The goddess Inanna (Innin, or Innini) was the patron and special god/goddess of the ancient Sumerian city of Erech (Uruk), the City of Gilgamesh. As Queen of heaven, she was associated with the Evening Star (the planet Venus), and sometimes with the Moon. She may also have been associated the brightest stars in the heavens, as she is sometimes symbolized by an eight-pointed star, a seven-pointed star, or a four pointed star. In the earliest traditions, Inanna was the daughter of An, the Sky, Ki, the Earth (both of Uruk, (Warka)). In later Sumerian traditions, she is the daughter of Nanna (Narrar), the Moon God and Ningal, the Moon Goddess (both of Ur). .

She is Anu's second consort, daughter of Anu and Antum, (sometimes daughter of Sin), and sometimes the sister of Ereshkigal. She is the goddess of love, procreation, and war. She is armed with a quiver and bow. Her temples have special prostitutes of both genders. A lion often accompanies her, and she sometimes rides it. Symbol: an eight or sixteen-pointed star Sacred number: 15 Astrological region: Dibalt (Venus) and the Bowstar (Sirius) Sacred animal: lion, (dragon)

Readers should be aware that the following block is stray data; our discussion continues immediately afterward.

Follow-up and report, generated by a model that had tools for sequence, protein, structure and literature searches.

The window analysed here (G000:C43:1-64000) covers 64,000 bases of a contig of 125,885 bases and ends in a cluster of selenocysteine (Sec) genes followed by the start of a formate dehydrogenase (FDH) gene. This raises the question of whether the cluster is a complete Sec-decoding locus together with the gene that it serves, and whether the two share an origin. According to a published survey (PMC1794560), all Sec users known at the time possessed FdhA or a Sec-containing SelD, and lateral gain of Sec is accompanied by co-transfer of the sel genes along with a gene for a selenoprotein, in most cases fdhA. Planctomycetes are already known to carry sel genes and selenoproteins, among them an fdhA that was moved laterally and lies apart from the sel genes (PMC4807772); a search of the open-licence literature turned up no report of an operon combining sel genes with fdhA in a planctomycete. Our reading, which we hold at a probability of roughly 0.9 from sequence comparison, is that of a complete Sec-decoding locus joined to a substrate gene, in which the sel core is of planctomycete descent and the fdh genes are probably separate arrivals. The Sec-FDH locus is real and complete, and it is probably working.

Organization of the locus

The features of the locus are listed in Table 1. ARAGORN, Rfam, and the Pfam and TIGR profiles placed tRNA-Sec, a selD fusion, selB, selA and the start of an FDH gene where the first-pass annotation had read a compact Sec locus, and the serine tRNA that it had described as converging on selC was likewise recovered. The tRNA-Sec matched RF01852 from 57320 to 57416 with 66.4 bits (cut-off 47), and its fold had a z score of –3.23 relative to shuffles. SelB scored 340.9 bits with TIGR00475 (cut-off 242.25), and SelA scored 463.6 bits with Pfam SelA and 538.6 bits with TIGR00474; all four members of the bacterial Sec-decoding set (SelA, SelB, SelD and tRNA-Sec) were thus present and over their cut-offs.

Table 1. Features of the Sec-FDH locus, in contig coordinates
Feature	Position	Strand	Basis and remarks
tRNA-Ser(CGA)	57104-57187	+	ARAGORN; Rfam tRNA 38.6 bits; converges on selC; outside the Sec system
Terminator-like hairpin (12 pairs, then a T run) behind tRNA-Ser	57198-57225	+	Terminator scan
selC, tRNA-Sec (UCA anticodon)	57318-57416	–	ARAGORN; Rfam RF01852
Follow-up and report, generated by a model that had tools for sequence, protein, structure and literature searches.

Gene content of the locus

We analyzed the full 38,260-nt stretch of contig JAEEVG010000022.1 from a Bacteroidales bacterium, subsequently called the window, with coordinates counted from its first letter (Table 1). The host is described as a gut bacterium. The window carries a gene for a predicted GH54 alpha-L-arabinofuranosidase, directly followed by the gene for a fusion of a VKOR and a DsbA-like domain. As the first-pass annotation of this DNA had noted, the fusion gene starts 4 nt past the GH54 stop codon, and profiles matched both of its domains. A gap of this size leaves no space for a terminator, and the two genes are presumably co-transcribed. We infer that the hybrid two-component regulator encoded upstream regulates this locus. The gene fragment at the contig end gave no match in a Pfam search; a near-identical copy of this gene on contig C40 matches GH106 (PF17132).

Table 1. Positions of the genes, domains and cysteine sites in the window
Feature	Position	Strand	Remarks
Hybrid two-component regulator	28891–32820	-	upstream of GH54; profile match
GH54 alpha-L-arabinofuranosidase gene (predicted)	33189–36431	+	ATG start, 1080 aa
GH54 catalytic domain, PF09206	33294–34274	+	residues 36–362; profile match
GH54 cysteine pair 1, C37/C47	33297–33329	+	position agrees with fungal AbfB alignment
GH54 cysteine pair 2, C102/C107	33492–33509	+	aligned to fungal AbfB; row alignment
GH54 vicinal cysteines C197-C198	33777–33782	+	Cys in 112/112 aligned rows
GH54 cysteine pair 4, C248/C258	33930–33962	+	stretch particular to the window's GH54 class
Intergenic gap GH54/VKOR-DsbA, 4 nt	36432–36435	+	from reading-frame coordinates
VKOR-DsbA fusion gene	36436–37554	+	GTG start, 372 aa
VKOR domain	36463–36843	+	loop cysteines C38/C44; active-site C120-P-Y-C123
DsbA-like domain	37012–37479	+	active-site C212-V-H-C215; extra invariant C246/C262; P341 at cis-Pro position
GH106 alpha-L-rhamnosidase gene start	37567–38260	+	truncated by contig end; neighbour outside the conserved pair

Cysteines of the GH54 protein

Tiamat's general in the war against the gods. Keeper of the tablets of destiny, which hold the divine plan for all the cosmos. Ninhursag used Kingu's blood to make the first man, and from this comes the demonic, rebellious aspect of human nature.

Nanna is another name for the moon god Sin. He is the product of Enlil's rape of Ninlil. Nanna was the tutelary deity of Ur (Kramer 1963 p. 66), appointed as king of that city by An and Enlil. He established Ur-Nammu as his mortal representative, establishing the third Ur dynasty. Nanna was married to Ningal and they produced Inanna and Utu. He rests in the Underworld every month, and there decrees the fate of the dead. He averts a flood of his city by visiting Enlil in Nippur on a boat loaded with gifts and pleading with him. He refuses to send aid to Inanna when she is trapped in the underworld.

God of writing and speech, speaker for the gods. Nebo maintains records of men's deeds and produces them for judgment after death. His symbol is the stylus.